|Microsoft and Amazon Announce Gluon|
|Written by Alex Armstrong|
|Friday, 13 October 2017|
Gluon, a new open source deep learning interface intended to allow developers to more easily and quickly build machine learning models has been announced in a joint statement from Amazon and Microsoft.
Explaining the need for this interface, the announcement states:
Deep learning engines like Apache MXNet, Microsoft Cognitive Toolkit and TensorFlow have emerged to help optimize and speed the training process. However, these engines require developers to define the models and algorithms up front using lengthy, complex code that is difficult to change. Other deep learning tools make model-building easier, but this simplicity can come at the cost of slower training performance.
The Gluon interface gives developers the best of both worlds — a concise, easy-to-understand programming interface that enables developers to quickly prototype and experiment with neural network models, and a training method that has minimal impact on the speed of the underlying engine. Developers can use the Gluon interface to create neural networks on the fly, and to change their size and shape dynamically. In addition, because the Gluon interface brings together the training algorithm and the neural network model, developers can perform model training one step at a time. This means it is much easier to debug, update and reuse neural networks.
According to its README on GitHub, where it is open sourced under an Apache 2 licence:
The Gluon API specification is an effort to improve speed, flexibility, and accessibility of deep learning technology for all developers, regardless of their deep learning framework of choice. The Gluon API offers a flexible interface that simplifies the process of prototyping, building, and training deep learning models without sacrificing training speed. It offers four distinct advantages:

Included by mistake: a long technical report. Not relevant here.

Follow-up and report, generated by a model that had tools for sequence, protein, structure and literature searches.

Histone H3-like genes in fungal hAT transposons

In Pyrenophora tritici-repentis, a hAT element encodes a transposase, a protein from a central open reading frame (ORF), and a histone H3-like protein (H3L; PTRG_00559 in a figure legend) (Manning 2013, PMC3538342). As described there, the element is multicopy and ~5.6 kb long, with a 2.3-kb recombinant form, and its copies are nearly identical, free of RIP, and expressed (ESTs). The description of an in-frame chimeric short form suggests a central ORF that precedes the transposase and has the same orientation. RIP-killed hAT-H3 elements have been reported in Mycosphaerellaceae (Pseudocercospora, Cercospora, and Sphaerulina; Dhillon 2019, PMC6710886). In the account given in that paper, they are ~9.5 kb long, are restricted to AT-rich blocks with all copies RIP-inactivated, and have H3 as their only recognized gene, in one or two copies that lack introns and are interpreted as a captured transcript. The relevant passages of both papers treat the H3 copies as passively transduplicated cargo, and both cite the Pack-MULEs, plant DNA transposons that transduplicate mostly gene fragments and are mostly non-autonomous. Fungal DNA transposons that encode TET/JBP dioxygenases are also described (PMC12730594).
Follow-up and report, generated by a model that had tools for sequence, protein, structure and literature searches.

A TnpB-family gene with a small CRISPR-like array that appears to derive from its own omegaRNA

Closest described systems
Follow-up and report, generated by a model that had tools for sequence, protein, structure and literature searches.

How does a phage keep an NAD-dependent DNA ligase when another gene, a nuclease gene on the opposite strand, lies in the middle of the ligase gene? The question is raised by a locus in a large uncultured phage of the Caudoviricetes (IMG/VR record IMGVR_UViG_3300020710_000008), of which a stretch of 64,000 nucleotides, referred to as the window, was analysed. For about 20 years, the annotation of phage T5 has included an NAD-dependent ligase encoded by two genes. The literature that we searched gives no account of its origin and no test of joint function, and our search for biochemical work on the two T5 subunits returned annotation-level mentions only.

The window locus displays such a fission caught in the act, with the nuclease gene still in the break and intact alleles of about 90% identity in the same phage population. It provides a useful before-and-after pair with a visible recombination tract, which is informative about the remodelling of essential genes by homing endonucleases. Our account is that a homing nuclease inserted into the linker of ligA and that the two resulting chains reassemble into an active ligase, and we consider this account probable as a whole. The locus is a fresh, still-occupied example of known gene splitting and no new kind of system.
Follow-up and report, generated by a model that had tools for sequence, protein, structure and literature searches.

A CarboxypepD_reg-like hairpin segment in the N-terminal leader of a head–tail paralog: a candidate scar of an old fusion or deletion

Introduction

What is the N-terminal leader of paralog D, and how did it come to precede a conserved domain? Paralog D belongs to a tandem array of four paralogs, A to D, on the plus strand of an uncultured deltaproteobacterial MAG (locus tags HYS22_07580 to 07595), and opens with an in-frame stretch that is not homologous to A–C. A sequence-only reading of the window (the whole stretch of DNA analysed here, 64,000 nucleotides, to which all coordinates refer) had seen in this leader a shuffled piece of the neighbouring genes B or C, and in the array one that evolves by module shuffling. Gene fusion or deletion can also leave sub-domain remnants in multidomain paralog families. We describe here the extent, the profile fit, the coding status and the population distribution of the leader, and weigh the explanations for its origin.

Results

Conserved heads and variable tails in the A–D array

The Gluon interface currently works with the deep learning framework Apache MXNet and will support Microsoft Cognitive Toolkit (CNTK) in an upcoming release. Gluon’s reference specification has been published so that other deep learning engines can be integrated with the interface.
Explaining the open source nature of the project and the collaboration with Microsoft, Swami Sivasubramanian, VP of Amazon AI states:
“The potential of machine learning can only be realized if it is accessible to all developers. Today’s reality is that building and training machine learning models require a great deal of heavy lifting and specialized expertise. We created the Gluon interface so building neural networks and training models can be as easy as building an app. We look forward to our collaboration with Microsoft on continuing to evolve the Gluon interface for developers interested in making machine learning easier to use.”
Microsoft's corporate VP of Microsoft AI and Research, Eric Boyd commented on the alliance between AWS and Microsoft over Gluon with:
"We believe it is important for the industry to work together and pool resources to build technology that benefits the broader community. Machine learning has the ability to transform the way we work, interact and communicate. To make this happen we need to put the right tools in the right hands, and the Gluon interface is a step in this direction."
As we reported last month, Microsoft have already taken a similar step in which it joined forces with Facebook in another open source AI initiative, the Open Neural Network Exchange (ONNX) format, which helps developers switch between different AI frameworks by providing an extensible computation graph model, as well as definitions of built-in operators and standard data types.
Microsoft and Amazon are already working together in the realm of AI - in August they embarked on a joint endeavour to enable their respective Cortana and Alexa Assistants to communicate with each other.
A factor in common with these joint ventures may be to try to keep ahead, abreast or at least in the same ballpark as Google, which with its search capabilities, TensorFlow and Deep Mind is in a position to dominate AI. On the other hand both Gluon and ONNX are extensible so Google isn't precluded from joining in.
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|Last Updated ( Friday, 13 October 2017 )|